“The thing for me is that it’s amazing how many youngsters the music resonates with. In 2017, I’m still getting asked by kids what he was like. And the answer is that he was a really nice guy. He was one of the most generous lead singers. Usually that word – generous – doesn’t fit in the same sentence as the word lead singer, both financially and otherwise. They’re always careful, shall we say, if we’re being nice. But Ian was happy for us to sing and would encourage us to sing too.
“What you have to explain is how ill he was and the treatment he received for epilepsy in those days wasn’t far removed from the old ducking stool. The guy really suffered. For a 23-year-old man to have a new baby, a Belgian mistresss, a pop group on the way up and a failing marriage and be saddled with an illness that was serious . . . look, there’s not many people that could survive that storm in their lives.”
Hooky is wary of the glamorisation of suicide. He doesn’t want people to follow the cult of Ian Curtis, nor fall into the trap of imagining his end was somehow ‘cool’. It wasn’t.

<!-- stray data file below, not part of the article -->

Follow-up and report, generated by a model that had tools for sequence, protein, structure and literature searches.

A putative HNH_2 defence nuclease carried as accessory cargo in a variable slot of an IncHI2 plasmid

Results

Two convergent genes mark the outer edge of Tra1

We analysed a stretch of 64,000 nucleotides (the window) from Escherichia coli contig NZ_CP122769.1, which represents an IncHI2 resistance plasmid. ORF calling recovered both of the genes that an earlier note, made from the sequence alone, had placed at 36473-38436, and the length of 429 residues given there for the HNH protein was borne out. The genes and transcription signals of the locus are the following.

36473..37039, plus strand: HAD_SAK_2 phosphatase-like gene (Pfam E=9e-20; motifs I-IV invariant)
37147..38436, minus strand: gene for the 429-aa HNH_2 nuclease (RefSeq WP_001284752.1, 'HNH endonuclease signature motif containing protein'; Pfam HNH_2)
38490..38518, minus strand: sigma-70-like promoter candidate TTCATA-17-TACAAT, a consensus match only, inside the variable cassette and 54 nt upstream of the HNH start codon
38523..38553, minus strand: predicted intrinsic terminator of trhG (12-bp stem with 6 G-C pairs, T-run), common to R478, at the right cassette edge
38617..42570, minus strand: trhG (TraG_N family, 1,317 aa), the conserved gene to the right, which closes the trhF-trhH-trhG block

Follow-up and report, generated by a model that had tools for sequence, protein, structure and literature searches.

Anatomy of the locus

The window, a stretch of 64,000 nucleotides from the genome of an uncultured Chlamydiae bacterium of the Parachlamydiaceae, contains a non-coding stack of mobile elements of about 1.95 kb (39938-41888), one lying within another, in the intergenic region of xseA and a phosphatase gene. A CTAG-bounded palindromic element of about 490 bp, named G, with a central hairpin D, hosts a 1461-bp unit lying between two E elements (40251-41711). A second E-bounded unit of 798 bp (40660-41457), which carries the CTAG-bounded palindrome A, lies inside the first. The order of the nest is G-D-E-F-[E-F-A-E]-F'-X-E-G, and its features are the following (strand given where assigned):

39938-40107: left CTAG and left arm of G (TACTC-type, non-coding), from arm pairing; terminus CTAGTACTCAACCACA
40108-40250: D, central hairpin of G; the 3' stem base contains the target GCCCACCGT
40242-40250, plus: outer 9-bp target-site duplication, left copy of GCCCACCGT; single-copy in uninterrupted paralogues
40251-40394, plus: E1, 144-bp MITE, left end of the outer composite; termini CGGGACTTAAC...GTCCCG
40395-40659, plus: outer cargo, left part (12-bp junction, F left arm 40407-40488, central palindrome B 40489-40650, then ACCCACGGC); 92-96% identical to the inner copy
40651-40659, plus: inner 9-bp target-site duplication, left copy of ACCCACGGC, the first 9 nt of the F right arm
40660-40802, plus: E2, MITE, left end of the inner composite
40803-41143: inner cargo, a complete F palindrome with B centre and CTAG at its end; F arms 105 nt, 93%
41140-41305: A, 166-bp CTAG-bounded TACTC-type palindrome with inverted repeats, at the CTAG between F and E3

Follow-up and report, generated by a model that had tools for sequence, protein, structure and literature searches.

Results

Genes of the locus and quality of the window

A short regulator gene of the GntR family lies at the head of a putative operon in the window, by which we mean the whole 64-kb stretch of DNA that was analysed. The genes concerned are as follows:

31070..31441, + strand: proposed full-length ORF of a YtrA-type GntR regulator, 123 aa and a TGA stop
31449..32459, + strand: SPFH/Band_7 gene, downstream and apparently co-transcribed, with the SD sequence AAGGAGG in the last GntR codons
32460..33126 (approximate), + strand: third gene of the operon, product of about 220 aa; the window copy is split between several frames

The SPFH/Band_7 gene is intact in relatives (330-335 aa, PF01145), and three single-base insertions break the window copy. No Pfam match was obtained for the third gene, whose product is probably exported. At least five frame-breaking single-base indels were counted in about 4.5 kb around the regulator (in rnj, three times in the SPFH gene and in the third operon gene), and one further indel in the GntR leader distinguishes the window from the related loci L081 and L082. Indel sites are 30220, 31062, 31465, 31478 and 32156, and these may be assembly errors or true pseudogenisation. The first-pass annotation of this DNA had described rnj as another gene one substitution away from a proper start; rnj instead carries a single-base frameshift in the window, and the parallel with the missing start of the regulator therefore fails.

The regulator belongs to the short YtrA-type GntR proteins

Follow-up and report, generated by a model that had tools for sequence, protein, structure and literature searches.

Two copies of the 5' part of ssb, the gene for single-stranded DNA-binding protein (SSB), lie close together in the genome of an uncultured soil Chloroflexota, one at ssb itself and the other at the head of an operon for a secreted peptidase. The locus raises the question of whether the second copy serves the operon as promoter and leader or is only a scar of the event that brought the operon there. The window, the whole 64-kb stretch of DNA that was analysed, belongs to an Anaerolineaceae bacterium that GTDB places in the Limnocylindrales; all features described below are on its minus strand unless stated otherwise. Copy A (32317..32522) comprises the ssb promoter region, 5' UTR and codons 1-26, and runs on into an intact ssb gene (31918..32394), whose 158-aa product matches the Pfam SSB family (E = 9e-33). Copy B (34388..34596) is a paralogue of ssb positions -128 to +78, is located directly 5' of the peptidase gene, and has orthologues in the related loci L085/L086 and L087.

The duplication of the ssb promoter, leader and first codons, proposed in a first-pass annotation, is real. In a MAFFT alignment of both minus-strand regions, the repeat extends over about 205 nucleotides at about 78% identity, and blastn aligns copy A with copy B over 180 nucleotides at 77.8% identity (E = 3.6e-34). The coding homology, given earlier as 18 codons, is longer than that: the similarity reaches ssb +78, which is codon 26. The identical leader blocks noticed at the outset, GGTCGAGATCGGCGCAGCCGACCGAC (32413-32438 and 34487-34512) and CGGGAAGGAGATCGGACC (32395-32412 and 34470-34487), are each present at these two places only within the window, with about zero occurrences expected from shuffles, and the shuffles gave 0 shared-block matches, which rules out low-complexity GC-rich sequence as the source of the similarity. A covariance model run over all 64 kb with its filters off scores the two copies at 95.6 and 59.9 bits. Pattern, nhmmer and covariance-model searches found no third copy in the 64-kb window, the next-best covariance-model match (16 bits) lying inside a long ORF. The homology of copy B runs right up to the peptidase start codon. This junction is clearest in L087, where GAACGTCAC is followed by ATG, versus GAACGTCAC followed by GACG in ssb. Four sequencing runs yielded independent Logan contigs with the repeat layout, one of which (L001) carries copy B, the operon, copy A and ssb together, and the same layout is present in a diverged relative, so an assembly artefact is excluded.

“I hope that people realise it wasn’t a good thing he did. One of my greatest regrets is Ian didn’t get to see our success. He would have been in New Order. But he didn’t have a proper relationship with his mistress, who he was deeply in love with. His suicide took all that away. His death left me with an awful sense of guilt because I wasn’t much use at 23. The ramifications are what you hope people will look at and realise it’s something not to do. No matter how bad things get – go and get treatment, carry on and tell someone.”
We move on. Hooky’s impact has been phenomenal. He’s been part of the biggest musical movements in the post-punk era – an ever-present who’s been there, seen it and proudly wears the T-shirt.
“I’ve been very lucky mate. We did have a unique sense of being in the right place at the right time. If you look at all of us, we were involved in the three greatest waves in musical history. We opened the Hacienda and were at the forefront of acid house and Madchester.
“Acid house changed the world and changed the world of commercial Manchester. Then you look at how big Madchester was and you have to say we were very lucky. I think Ian Curtis up there must still like us for that to have happened.”